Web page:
Much can be said about DeSean Jackson's electric rookie preseason so far. In just three exhibition matchups, Jackson has already amassed a league-high 16 catches for 189 yards—an 11.81 YPA average—and has established himself as Donovan McNabb's go-to guy.
In the absence of fellow wideouts Kevin Curtis and Reggie Brown, Jackson led the team to two consecutive wins, as he proved able to stretch the field and create matchup problems for any opposing defenses.
In addition, Jackson's return game has been nothing short of outstanding, returning punts of 76 and 45 yards in his last game, including one breathtaking TD run.
Like Steve Smith and Brian Mitchell before him, Jackson started out returning punts after making considerable impact at that position in college. But after Smith's rookie Pro Bowl appearance, he quickly developed into a reliable receiver. Mitchell, on the other hand, was outstanding as a running back, even as he continued to break records as a return man.
Jackson, in comparison, though primarily a return man, has drawn even more attention for his receiving game.
More so, Steve Smith was a third-round selection, while Brian Mitchell was picked in the fifth round. Neither was thought to become some of the most elite players to ever play at that position.
Neither was DeSean Jackson.
Selected midway through the second round, he was though to be too small to ever be any good and was therefore not selected until Pick No. 49 rolled around and the Eagles decided to give him a chance.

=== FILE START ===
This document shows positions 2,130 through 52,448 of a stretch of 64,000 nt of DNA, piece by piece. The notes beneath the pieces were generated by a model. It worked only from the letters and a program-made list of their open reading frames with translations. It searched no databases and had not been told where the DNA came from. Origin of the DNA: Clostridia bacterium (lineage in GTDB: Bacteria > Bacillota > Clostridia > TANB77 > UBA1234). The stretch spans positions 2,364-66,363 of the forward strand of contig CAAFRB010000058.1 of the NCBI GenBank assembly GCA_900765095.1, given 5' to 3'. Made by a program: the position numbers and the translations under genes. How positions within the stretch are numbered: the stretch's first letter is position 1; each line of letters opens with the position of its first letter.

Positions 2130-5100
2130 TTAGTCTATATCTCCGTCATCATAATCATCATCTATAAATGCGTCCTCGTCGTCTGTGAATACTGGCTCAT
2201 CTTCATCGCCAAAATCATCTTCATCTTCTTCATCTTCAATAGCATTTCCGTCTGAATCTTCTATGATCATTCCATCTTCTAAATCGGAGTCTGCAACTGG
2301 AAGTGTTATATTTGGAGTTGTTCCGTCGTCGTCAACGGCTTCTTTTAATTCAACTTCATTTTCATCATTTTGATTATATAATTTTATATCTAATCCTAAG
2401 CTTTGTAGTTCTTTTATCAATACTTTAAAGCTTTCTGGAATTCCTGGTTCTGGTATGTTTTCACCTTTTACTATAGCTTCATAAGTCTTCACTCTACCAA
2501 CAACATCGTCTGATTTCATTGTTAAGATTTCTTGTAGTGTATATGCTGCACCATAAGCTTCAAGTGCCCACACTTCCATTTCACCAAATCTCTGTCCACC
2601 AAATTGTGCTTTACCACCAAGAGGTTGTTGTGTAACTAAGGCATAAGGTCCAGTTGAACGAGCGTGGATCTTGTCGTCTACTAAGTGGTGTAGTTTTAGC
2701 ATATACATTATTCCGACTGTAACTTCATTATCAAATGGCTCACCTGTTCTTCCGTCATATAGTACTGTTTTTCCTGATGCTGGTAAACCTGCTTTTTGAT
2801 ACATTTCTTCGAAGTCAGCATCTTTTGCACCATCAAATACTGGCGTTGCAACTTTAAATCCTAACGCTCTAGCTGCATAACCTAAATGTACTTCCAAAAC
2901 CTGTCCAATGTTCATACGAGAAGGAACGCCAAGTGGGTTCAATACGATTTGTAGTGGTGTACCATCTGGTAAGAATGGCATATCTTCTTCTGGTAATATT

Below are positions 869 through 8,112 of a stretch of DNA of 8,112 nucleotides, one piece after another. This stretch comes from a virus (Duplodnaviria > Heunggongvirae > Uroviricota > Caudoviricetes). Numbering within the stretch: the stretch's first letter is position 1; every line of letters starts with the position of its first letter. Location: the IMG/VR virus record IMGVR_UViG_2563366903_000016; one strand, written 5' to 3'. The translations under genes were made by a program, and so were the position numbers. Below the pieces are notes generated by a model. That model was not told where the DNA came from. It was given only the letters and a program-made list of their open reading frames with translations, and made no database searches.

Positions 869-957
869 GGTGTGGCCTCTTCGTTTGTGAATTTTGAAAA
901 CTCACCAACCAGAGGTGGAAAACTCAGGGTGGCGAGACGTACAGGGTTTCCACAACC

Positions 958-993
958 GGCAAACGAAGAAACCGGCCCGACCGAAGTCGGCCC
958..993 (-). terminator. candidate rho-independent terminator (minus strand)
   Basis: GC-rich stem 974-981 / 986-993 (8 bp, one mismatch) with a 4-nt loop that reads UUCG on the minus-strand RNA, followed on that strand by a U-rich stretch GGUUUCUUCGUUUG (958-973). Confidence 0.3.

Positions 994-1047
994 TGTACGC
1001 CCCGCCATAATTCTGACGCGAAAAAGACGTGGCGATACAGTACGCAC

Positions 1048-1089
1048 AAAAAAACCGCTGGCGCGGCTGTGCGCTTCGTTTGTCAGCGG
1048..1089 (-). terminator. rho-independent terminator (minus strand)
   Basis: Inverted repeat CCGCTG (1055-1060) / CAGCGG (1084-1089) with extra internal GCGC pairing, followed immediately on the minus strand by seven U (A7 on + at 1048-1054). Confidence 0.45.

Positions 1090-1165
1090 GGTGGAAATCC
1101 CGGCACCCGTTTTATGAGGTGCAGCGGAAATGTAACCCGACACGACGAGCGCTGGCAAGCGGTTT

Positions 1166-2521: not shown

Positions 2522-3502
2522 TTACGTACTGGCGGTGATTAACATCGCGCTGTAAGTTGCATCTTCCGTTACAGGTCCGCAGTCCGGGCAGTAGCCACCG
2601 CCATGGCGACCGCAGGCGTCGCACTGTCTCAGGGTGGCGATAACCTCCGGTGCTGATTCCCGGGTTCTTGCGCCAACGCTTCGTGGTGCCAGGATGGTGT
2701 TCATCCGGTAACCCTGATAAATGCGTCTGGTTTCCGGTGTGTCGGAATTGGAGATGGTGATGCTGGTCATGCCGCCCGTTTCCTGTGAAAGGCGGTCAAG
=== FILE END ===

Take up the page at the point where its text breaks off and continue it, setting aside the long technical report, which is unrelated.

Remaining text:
What Jackson did not know at that time was that, at 5'10", he was actually taller than Smith. And only one inch shorter than Mitchell. His build is actually similar to the two of them—stocky but powerful.
So, is it safe to start comparing Jackson to some of the league's best? Perhaps the next Steve Smith or the multi-dimensional Brian Mitchell?
Not so fast, says QB Donovan McNabb.
“I don't think it's fair for people to look at it and say all of a sudden that he is going to be the next Steve Smith and compare him to some of the greats,” McNabb said. “You kind of have to give people an opportunity to get adjusted to this league.”
Yet in just a few short weeks, Jackson has already shown he has adjusted as a player. McNabb has shown confidence in him by threading difficult passes through coverage when he is under pressure—most of which are taken by Jackson for extra yardage.
He is also possibly the only player since T.O. that could get open through any pass coverage, despite his size. Jerry Rice, his longtime mentor and friend, was already convinced that the rookie was the best route-runner he had ever seen.
McNabb, however, is still convinced that Jackson will have some work to do getting used to regular-season press coverages and may even have trouble getting off the line.
"Most teams we've played play coverages sometimes where they are not pressed and up on (receivers), and are pretty much vanilla.”
McNabb is wary of the hype surrounding Jackson, despite admitting that Jackson had stepped up and had been playing phenomenally up to this point.
“I think he has done a great job. (But) I have been here a while, so I've seen when rookies come in and catch a couple balls and everyone gets excited,” McNabb said. “All of a sudden the question goes out—'What happened and why isn't he still playing or making a lot of plays?'"
Based on McNabb's comment's, it seems that even if Jackson will encounter early career troubles at wide receiver, it wouldn't be out of his reach to soon become one of the NFL's premier punt returners.
Besides, as far as wide receivers go, doesn't it typically take up to three years for the new guys to find their niche in the league?
In any event, with three standout preseason games already in the books, the start of the regular season is right around the corner.
And with the season comes DeSean Jackson's chance to prove that he deserves to be mentioned in the same breath as some of the best position players in NFL history.